From The Field: Nielsen China Offers Personal Insight On Shopping Trends Amid The Covid-19 Outbreak

From The Field: Nielsen China Offers Personal Insight On Shopping Trends Amid The Covid-19 Outbreak

In an ongoing interview series, the leaders of Nielsen’s global field teams provide insights and observations on what they’re witnessing as they conduct their store audit work under the difficult conditions the COVID-19 outbreak has created.

From the field series: Italy | South Korea | Pakistan | Indonesia | Russia

Joe Fan

Joe Fan is Input Operations leader in China

In addition to wide-ranging government action that appears to have slowed the rise of COVID-19 in China, Fan says he believes the country’s experience with the SARS outbreak almost 20 years ago helped large portions of the population to quickly pivot to preventative health measures they used in the past.

Fan says he believes people who lived through the 2002-2003 SARS outbreak, which killed more than 700 people worldwide, have maintained the right mindset during the current health crisis. Nielsen has also identified other parallels with the SARS epidemic that started in China.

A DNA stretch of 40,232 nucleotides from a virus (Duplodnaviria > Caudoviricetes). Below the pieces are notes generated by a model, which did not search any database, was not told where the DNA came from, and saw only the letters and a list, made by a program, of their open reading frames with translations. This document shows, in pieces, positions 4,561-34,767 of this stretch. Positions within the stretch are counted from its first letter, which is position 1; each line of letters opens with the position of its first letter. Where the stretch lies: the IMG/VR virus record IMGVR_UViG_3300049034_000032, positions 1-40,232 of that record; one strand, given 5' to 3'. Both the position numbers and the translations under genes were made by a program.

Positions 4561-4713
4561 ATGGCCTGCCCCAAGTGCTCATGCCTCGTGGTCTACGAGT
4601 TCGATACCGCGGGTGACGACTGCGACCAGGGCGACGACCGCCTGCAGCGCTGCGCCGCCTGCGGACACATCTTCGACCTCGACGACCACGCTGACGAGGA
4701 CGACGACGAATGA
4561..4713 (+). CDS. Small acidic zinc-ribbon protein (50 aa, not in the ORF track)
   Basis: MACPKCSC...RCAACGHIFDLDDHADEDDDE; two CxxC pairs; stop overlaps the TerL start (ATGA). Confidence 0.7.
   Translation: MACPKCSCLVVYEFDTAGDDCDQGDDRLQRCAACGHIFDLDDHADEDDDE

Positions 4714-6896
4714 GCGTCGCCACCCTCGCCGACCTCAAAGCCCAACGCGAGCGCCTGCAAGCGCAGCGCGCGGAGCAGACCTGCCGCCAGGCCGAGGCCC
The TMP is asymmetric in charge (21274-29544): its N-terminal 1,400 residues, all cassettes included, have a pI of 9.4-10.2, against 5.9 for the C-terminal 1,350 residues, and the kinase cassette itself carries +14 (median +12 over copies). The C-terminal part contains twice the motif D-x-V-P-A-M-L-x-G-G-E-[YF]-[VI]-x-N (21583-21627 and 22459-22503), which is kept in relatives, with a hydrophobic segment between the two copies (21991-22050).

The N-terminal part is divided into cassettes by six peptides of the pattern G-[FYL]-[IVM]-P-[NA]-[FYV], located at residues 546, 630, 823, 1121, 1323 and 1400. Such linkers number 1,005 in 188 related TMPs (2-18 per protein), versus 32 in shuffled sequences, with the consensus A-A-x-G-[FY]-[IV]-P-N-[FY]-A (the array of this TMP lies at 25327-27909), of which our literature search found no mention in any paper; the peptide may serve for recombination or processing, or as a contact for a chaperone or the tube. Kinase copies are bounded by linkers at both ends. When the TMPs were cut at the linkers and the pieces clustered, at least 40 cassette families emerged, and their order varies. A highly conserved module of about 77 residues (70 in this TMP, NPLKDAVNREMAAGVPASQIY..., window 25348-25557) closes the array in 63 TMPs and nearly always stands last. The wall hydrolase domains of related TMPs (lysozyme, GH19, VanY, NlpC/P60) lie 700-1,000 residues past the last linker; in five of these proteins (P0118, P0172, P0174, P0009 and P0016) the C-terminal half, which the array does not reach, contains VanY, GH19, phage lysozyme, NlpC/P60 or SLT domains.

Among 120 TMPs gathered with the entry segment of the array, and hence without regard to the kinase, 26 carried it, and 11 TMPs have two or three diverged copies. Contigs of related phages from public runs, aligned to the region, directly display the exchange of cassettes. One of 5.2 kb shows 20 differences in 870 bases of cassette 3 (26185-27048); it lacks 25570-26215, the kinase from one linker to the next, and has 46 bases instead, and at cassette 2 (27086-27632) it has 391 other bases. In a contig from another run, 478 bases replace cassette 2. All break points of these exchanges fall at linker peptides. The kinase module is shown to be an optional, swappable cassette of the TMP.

After the first cases of COVID-19 were detected in Wuhan, Hubei Province, China moved swiftly to isolate the province and then launched a wider lockdown across the country. Fan, who has a team of more than 1,200 retailer auditors operating across China, said access for his team was difficult, but they remained protected throughout the toughest days of the crisis. Their diligence included daily health checks for Nielsen auditors and working closely with retailers to ensure as much risk as possible was removed during in-store visits.

In February, many of the smallest villages that Nielsen normally audits were completely out of bounds as local farmers kept outsiders away during their period of isolation.

At the height of the lockdown, only about 20% of stores remained open, normal openings started to return quickly by March.

Fan also complimented his team, saying that many volunteered to go back into previously closed areas to take photographs of life returning to normal and raise the entire team’s confidence levels. His teams regularly used WeChat groups to keep everyone up to speed on the latest conditions. “At one stage, we made a decision to postpone sending our people back into the field until our teams felt comfortable,” Fan said.